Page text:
Photo-Illustration: Sam Whitney; Getty Images
Many young people feel like their future is in peril. To make progress on climate change, we must move past doomsday scenarios.
Is climate change the biggest threat to humanity? Many people would say so. Young people in particular feel hopeless. A recent survey asked 10,000 16- to 25-year-olds in 10 countries about their attitudes about climate change. The results were damning. More than half said “humanity was doomed”; three-quarters said the future was frightening; 55 percent said they would have less opportunities than their parents; 52 percent said family security would be threatened; and 39 percent were hesitant to have children as a result. These attitudes were consistent across countries rich and poor, big and small: from the United States and the United Kingdom to Brazil, the Philippines, India, and Nigeria.
It’s totally legitimate that young people feel this way. I’ve been there. , much of my work focuses on researching, writing, and thinking about climate change. But it’s a field I very nearly walked away from. Fresh out of university with a degree in environmental science and climate change, it was hard to see that I could contribute anything at all. I flipped back and forth between anger and hopelessness. Any effort seemed futile, and I nearly quit. Thankfully my perspective shifted. I’m glad it did. Not only did I continue working on climate, I’m also sure that my work has had many times the positive impact it would have if I’d been stuck in my previous mindset. And that’s why I’m convinced that if we’re to make progress on climate, we need to lift this cloak of pessimism.
Let’s be clear: Climate change is one of the biggest problems we face. It comes with many risks—some certain, some uncertain—and we’re not moving anywhere near fast enough to reduce emissions. But there seems to have been a breakdown in communication of what our future entails. None of the climate scientists I know and trust—who surely know the risks better than almost anyone—are resigned to a future of oblivion. Most of them have children. In fact, they often have several. Young ones, too. Now, having kids is no automatic qualification for rational decision-making. But it signals that those who spend day after day studying climate change are optimistic that their children will have a life worth living.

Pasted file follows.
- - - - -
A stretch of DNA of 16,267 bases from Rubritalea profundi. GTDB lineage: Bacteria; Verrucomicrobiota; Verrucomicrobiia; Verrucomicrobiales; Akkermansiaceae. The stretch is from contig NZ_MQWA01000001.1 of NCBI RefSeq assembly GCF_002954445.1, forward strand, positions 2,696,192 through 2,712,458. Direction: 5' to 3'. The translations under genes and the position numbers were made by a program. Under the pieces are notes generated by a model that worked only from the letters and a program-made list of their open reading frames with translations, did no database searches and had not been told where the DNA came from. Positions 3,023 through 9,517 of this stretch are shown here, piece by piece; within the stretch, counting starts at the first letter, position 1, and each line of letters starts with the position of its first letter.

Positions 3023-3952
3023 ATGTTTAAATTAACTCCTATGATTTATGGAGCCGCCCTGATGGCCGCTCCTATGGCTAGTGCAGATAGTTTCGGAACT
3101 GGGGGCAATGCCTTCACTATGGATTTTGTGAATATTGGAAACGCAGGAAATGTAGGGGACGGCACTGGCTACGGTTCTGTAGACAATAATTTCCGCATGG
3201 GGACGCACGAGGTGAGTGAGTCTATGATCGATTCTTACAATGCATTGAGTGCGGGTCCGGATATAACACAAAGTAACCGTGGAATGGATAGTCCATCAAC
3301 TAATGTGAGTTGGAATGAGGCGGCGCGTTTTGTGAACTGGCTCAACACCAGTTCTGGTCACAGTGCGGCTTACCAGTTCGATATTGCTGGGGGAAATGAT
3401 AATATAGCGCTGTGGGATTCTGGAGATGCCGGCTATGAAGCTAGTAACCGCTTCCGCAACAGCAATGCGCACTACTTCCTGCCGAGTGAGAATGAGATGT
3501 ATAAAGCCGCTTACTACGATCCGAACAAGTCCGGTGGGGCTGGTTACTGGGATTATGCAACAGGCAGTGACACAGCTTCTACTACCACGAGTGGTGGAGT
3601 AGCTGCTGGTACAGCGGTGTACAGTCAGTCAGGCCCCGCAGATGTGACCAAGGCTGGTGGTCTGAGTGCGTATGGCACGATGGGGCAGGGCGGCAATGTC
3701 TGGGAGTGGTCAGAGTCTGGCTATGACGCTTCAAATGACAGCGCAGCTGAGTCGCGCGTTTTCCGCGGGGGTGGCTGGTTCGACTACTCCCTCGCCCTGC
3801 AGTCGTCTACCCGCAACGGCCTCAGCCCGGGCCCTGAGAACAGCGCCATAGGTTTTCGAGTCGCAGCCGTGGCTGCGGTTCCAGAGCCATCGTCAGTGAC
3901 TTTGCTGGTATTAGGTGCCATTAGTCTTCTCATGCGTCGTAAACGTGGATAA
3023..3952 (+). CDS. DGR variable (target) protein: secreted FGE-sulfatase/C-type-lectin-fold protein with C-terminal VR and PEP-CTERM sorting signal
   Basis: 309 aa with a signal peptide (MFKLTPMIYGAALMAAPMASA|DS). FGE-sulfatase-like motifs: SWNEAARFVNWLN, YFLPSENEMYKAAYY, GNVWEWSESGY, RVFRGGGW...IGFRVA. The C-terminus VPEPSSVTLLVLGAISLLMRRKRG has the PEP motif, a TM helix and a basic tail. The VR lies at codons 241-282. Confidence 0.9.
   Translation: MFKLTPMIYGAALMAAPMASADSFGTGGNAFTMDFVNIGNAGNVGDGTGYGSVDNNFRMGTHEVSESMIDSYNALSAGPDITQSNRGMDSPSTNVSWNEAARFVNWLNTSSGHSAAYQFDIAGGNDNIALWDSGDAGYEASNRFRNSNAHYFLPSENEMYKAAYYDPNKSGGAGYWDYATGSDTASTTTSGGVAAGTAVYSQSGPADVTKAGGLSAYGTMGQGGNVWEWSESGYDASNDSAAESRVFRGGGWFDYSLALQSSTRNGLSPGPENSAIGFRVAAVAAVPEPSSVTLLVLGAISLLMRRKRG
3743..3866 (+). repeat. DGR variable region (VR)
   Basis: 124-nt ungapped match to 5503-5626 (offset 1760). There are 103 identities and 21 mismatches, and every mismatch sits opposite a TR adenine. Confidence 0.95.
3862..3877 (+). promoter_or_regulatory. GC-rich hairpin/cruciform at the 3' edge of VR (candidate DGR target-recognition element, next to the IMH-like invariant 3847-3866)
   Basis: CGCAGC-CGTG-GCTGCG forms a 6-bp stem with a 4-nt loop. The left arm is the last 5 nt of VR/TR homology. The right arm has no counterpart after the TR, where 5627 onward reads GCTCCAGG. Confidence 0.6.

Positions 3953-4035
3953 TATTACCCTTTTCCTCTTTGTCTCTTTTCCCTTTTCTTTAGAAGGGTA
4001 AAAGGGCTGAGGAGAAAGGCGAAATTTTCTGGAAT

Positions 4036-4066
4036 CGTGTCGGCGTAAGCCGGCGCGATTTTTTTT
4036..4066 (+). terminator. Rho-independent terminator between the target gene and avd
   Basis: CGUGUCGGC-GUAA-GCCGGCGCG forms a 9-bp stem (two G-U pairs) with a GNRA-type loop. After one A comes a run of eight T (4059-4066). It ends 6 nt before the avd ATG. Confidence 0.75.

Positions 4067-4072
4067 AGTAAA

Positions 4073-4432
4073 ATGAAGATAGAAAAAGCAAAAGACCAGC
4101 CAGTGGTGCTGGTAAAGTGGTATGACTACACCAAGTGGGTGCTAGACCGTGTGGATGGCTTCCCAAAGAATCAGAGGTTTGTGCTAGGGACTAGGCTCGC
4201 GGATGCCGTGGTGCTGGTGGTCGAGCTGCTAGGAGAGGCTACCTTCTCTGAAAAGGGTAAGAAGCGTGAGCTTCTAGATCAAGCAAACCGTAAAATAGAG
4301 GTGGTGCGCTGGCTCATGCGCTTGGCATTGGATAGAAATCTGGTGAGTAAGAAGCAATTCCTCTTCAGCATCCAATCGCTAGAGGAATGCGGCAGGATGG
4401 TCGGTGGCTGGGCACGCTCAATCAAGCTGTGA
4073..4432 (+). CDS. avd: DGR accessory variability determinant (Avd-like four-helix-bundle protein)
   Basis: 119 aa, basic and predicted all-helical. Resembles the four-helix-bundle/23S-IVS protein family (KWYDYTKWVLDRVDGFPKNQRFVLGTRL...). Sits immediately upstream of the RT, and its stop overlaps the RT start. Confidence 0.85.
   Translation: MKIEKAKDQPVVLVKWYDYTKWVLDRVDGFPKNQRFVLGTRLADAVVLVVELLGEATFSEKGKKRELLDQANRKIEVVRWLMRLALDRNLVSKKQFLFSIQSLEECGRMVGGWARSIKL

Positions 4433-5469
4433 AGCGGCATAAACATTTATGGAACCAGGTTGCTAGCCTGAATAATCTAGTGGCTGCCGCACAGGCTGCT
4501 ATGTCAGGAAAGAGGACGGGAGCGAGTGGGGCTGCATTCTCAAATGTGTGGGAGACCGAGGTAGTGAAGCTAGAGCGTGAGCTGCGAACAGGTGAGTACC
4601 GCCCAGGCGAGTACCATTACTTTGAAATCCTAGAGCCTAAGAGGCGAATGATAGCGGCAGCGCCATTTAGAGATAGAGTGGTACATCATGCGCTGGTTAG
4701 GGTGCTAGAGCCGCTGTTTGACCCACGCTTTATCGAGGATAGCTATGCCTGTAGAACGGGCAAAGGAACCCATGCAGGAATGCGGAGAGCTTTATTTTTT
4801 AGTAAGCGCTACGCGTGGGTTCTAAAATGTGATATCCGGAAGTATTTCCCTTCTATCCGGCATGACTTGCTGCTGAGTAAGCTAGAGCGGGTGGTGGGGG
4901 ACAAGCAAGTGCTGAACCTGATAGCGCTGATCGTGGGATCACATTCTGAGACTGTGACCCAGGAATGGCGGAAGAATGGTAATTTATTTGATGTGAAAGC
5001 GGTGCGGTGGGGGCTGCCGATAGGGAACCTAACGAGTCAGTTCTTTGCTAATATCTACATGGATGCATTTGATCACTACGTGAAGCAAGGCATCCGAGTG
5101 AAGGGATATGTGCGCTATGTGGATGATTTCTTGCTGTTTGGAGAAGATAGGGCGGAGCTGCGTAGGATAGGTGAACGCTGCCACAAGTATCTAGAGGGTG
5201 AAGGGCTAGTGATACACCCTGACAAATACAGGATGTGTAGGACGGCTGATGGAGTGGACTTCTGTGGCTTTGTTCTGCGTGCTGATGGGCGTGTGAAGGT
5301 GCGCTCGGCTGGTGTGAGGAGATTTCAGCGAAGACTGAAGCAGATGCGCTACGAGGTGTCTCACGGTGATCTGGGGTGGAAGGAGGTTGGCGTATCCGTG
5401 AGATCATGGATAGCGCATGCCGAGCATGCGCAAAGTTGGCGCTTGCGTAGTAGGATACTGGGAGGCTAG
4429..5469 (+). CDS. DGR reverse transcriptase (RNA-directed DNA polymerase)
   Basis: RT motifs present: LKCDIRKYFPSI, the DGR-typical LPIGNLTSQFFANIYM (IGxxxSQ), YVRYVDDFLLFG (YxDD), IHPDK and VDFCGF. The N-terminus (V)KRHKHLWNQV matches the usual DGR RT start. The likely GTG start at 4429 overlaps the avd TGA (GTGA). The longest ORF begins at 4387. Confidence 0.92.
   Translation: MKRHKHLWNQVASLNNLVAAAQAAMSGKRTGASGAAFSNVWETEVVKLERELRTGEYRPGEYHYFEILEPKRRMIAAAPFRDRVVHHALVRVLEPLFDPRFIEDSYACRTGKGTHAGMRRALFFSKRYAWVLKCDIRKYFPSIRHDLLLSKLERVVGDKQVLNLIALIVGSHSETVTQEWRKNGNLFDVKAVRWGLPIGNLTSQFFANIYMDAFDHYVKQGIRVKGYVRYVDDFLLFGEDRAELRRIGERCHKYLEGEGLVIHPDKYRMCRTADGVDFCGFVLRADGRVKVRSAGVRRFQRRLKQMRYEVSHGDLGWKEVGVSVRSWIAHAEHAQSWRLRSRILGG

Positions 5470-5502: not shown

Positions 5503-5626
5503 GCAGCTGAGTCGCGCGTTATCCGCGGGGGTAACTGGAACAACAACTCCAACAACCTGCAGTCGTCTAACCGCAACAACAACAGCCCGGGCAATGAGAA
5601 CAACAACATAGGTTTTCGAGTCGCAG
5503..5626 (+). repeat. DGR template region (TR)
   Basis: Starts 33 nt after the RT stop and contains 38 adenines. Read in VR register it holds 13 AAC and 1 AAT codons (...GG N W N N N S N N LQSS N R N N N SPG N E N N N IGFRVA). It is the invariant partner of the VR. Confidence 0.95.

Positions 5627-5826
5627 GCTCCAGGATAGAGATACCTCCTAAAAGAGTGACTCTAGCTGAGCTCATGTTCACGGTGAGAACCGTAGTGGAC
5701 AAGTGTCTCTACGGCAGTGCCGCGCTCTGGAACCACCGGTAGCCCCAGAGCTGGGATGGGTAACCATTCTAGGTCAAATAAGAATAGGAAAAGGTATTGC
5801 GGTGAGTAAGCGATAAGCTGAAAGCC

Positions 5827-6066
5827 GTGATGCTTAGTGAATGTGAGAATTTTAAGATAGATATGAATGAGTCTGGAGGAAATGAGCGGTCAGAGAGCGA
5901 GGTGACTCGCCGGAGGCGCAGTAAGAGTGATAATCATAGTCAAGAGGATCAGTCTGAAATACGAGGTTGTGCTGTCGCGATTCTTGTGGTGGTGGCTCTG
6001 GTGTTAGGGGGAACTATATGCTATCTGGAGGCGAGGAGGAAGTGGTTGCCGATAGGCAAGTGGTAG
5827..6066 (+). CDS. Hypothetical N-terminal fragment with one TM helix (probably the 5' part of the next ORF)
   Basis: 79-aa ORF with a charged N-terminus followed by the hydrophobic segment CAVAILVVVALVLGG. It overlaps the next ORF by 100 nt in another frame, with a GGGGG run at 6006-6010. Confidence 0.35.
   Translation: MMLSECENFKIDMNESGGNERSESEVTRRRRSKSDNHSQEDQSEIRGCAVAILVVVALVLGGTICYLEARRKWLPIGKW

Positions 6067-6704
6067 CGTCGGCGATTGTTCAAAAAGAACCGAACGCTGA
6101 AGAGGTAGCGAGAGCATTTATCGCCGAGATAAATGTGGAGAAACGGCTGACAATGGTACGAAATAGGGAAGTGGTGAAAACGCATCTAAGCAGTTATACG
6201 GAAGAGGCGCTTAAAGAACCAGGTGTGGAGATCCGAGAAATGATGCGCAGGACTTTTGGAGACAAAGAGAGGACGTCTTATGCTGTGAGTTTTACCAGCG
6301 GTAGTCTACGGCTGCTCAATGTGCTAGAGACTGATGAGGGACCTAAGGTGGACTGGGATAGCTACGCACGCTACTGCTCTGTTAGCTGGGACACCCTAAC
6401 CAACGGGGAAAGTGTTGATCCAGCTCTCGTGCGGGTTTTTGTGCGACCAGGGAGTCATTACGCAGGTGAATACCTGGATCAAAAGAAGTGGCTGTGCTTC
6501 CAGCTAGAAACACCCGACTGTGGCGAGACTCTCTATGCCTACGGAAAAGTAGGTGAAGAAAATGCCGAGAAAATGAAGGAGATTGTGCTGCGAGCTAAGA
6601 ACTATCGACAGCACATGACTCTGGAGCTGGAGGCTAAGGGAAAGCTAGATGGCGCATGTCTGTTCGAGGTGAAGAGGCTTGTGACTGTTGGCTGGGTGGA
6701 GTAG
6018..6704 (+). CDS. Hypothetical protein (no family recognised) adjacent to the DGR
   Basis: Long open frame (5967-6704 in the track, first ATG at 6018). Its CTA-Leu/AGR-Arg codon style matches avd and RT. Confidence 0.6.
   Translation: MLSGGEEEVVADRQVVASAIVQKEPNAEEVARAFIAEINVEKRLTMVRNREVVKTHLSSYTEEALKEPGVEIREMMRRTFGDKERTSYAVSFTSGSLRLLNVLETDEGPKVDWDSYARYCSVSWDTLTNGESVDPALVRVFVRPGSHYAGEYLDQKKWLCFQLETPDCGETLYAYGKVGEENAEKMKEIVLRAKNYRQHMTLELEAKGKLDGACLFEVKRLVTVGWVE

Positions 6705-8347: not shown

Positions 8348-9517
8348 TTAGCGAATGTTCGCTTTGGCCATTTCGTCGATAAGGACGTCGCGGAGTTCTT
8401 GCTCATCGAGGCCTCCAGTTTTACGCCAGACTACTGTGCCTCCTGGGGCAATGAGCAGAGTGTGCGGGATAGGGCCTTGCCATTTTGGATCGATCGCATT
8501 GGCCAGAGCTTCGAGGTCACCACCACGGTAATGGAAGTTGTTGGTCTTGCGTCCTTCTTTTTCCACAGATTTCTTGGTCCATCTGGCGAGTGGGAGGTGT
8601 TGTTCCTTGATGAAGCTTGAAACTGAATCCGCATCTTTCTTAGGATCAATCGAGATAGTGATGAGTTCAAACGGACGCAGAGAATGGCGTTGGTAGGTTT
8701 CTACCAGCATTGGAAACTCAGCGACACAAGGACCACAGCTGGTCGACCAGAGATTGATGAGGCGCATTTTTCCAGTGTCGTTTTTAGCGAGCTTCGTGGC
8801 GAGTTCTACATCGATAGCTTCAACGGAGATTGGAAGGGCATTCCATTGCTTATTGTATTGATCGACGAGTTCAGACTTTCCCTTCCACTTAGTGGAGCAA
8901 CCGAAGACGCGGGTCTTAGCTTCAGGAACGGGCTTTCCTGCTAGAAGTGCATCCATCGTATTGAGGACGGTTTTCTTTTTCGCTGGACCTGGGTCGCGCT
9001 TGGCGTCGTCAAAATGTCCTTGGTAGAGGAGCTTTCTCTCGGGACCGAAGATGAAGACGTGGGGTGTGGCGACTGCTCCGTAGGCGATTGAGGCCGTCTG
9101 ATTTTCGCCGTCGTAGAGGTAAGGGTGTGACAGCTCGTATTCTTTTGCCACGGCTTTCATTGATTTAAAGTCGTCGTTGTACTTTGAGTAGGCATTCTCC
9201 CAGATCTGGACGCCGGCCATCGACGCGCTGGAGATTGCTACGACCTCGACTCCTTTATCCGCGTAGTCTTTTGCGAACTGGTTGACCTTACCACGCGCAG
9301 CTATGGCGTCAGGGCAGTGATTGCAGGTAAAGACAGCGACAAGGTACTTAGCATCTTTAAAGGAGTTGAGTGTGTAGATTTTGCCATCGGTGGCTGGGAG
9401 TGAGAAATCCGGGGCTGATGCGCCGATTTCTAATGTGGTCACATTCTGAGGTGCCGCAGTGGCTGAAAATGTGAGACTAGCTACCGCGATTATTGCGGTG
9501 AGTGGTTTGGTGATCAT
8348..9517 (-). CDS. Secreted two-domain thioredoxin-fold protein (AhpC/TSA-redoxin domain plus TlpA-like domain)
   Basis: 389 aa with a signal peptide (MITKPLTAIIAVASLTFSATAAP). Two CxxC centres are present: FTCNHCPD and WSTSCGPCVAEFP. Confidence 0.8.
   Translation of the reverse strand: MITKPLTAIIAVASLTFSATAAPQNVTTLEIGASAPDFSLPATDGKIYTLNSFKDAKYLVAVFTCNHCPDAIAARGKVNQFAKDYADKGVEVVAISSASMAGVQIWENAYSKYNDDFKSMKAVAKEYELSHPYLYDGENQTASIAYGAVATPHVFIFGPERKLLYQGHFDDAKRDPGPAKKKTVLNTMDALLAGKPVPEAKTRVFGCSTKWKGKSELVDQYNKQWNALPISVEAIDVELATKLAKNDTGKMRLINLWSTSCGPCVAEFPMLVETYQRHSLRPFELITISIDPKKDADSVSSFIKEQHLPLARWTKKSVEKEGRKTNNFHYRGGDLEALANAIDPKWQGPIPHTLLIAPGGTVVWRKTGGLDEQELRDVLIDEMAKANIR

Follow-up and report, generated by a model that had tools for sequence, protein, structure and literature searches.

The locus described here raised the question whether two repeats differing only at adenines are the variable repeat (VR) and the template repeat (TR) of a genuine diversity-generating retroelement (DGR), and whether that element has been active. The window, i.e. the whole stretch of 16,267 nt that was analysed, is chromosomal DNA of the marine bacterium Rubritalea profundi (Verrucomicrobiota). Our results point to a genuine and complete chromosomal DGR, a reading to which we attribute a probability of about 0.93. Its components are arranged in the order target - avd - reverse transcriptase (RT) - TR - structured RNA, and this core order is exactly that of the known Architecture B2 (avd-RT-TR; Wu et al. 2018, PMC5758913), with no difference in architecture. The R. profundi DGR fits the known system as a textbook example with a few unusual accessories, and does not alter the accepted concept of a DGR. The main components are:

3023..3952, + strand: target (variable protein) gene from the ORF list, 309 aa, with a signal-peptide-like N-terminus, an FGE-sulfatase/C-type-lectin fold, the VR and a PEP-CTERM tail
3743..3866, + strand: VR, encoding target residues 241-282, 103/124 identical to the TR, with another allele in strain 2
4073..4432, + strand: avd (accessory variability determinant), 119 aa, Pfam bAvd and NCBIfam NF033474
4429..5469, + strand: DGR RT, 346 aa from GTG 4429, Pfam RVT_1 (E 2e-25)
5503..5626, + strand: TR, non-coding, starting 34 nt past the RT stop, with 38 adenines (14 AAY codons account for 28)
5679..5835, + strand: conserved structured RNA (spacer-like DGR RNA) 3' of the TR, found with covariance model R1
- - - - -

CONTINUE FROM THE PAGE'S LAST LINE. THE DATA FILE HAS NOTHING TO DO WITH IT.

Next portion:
That’s why I find it alarming that most young people feel like they do not have a future. Many might also forgo having children as a result. This mentality doesn’t just show up in survey data, it also tallies with my personal experience. I’m in my twenties and hear it from friends all the time. The dilemma about whether to bring kids into a world on the path to annihilation is a real one.
One of the most recent and alarming examples of this doomsday mindset came from a group of young activists before the German elections. The group, who call themselves the Last Generation, went on hunger strike for almost a month. Several ended up in hospital. One told his parents and friends that they might never see him again. Another told a journalist that the hunger was “nothing compared to what we can expect when the climate crisis unleashes a famine here in Europe in 20 years.” I couldn’t work out where this claim was coming from. Not from scientists. No credible ones have made this claim. Climate change will affect agriculture. In some regions—particularly across some of the world’s poorest countries—this is a major cause for concern. It’s why I spend so much of my time working on it. But famine across temperate Europe? Within 20 years?